Retail sine qua non

Sine qua non: Latin for ‘an indispensable condition’

I obsess constantly about what it would take to make a retail business successful. The magic bullet, or if not bullet, at least a list of key success factors. Ten would be nice number. Or twelve. Maybe even seven.


I have made the list(s), and re-hashed it countless times. I started writing this blog to come up with The List - just to impress you dear reader. But I failed.


There is no list. There is a process though: the Art and the Science of Retailing. It is simple – but deceptively so. Ultimately there are four things – the four cornerstones of the retailing sine qua non. Each of these four activities is a primary driver of retail success. They are all indispensable, so the order below is simply a logical flow and does not reflect relative importance.


1. Attitude.


This is the starting point of ALL retail success and definitely THE pre-requisite. This is what drives you, the retailer, and gives you the energy to do everything that it requires.  Retail is emotionally draining with long, grinding hours. And a poor attitude makes all the inevitable challenges insurmountable.


The right attitude is the start of great customer service, for in essence customer service is about getting along with other people. To be positive and gracious under pressure requires a positive attitude.  Great attitude allows good supplier relationships to develop. The right attitude will even set you up well for establishing win’-win relationships with the landlord – and believe me, I was there.


Retailing is essentially a people business. If you don’t like your self, and if you don’t like people, you will fail.


Every retailer is in the hospitality business.


 


2. Create an offer.


If a retailer does not have an offer that meets an actual market need, the battle can never be won. Find out what the customer wants and deliver exactly that. There is NO substitute for actually meeting a real customer need.


The right stock at the right price = A great value proposition. This is not about being cheap or being the cheapest. It is about making an offer at a price that the customer perceives to be of value. Short-term bull-sh*tting can only take you so far – eventually the real value proposition will be revealed.


In order to create an offer, you need to intimately understand your customer. Just because a shopping centre has 14 million people wandering through does not mean your business will automatically be successful – and how often have I seen that!


Your offer must be IN SOME WAY unique. The reality of the marketing landscape is that people simply won’t notice you if you blend into the background. Be different or be dead.


 


3. Communicate the offer.


Consistently communicate with the market. It may be advertising, or it may be something else. But consistent, on-brand communication is paramount. Communication is the difference between being in a customers ‘awareness set’ vs. being in the ‘choice set’. At any given point in time most consumers are only willing to consider a handful of options and only choose from 2 or 3 which are deemed equivalent.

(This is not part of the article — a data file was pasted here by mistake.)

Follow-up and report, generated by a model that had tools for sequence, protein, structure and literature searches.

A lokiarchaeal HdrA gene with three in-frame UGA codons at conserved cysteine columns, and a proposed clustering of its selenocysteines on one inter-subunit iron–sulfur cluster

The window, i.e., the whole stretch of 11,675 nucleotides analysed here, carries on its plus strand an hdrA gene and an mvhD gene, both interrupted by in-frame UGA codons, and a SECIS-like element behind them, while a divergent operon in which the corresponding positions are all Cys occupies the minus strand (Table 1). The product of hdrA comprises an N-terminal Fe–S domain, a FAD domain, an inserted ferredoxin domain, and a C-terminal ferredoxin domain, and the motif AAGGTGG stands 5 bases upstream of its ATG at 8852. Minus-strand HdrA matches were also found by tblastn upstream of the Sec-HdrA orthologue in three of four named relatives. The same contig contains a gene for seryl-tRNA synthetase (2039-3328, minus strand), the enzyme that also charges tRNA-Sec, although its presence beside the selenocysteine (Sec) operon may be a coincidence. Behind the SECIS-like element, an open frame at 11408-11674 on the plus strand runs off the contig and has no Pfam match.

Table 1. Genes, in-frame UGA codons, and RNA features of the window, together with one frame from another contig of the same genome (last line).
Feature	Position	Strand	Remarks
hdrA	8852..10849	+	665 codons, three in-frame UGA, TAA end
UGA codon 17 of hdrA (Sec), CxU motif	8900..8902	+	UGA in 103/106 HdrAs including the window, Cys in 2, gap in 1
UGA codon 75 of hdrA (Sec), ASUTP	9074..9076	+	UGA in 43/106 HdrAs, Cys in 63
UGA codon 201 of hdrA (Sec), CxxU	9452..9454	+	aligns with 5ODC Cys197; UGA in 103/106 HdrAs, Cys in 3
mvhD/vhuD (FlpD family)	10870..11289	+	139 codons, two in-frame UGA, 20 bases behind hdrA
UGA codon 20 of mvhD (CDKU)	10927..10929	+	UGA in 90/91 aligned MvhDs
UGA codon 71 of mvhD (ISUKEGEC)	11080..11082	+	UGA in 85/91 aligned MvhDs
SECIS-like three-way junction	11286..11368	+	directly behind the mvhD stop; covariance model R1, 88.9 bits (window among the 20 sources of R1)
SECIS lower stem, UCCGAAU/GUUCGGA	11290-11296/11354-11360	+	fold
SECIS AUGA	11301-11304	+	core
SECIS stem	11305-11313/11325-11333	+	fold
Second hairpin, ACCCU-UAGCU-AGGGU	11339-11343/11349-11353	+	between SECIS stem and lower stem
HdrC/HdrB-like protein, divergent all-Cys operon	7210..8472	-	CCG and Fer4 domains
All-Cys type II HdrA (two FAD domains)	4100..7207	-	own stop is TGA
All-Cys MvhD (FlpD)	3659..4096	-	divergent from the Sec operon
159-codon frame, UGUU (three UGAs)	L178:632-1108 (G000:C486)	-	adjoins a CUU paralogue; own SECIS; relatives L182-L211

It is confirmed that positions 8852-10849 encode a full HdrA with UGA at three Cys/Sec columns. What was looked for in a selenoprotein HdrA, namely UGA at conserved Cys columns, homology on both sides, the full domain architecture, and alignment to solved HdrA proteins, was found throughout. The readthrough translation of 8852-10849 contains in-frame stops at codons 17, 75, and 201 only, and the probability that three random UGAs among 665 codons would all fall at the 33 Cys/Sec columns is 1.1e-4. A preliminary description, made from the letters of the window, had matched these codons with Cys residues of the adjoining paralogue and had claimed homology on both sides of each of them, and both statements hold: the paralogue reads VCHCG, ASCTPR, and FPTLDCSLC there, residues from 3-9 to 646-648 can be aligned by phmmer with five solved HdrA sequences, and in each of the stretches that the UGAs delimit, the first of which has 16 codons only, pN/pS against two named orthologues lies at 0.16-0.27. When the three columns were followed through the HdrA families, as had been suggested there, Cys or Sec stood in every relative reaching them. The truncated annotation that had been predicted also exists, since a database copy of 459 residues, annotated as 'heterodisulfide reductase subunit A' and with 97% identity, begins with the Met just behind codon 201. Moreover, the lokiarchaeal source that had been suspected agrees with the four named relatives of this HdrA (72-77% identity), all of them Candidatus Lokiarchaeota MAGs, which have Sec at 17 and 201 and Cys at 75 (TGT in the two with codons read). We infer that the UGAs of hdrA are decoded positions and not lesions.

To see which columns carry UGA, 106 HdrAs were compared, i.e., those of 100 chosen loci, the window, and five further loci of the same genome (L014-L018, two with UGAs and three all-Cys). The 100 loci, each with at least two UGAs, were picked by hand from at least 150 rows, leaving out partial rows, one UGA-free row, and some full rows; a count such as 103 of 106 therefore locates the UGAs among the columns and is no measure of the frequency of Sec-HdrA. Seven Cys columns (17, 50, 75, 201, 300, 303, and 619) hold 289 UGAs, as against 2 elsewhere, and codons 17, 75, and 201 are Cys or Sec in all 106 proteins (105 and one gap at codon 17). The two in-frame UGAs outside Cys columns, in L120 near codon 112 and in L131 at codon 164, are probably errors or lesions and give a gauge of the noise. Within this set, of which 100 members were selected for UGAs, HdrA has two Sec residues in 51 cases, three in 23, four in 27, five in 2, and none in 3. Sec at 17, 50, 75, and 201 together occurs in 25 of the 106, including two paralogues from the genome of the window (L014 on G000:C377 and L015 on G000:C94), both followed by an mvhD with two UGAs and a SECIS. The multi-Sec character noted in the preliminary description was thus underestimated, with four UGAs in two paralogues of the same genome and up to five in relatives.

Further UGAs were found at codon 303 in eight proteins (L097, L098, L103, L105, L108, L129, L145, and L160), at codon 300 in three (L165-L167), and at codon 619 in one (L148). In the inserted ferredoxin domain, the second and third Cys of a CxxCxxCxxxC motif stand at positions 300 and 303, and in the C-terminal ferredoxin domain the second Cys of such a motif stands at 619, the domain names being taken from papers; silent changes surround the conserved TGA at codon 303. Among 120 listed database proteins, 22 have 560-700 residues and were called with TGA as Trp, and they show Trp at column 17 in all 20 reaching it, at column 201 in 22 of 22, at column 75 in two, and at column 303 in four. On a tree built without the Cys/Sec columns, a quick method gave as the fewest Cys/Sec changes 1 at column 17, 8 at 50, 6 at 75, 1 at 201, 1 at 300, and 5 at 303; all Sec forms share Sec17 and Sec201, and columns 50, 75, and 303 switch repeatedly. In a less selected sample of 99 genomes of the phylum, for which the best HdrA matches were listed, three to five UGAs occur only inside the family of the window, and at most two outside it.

Your brand promise is an integral part of your overall consumer proposition. Everything you do – and don’t do, strengthens or weakens your brand. And you need your brand to succeed; simply because a brand is a heuristic for consumers to make quicker, better decisions.


Visual merchandising is your 24/7 sales person. Good VM sells and it sells well if it is done well. Or the opposite! Get good at it; the principles are pretty simple and there is no excuse for failing this test. Windows talk – learn the language.


Personal selling. Really, truly understanding the psychology of the sale is important. Most specialty stores cut back on staffing and end up operating like a supermarket. A bad (or untrained) sales person is an overhead and a good sales person is an asset. Having no sales people (because they are behind the counter or in the stockroom) is stupid, stupid, stupid. Get rid of the bad ones and get (or train) some good ones.


[EXERCISE: Google ‘psychology of retail selling’ and find yourself a company that can train your people how to sell J]


4. Control.


Everything you have done will come to nought if you do not have the performance management systems in place.


Manage overhead to the benchmark or better.


Manage risk – all risks (financial, reputational, technological etc). Manage safety. Good housekeeping is a sign of a business that is under control.


Retail is ever-changing, and the only way to survive is to adapt to the changes. The only way of knowing what works, what isn’t, what’s changing and what’s not yet changing, is to have super systems in place. If you are still operating an old-fashioned till… well I don’t want to be rude, but you surely know what I must think.


QUIZ: How many coffee shops have a loyalty card? How many coffee shops can tell you the redemption rate of the card? Or the cost? Or the financial benefit?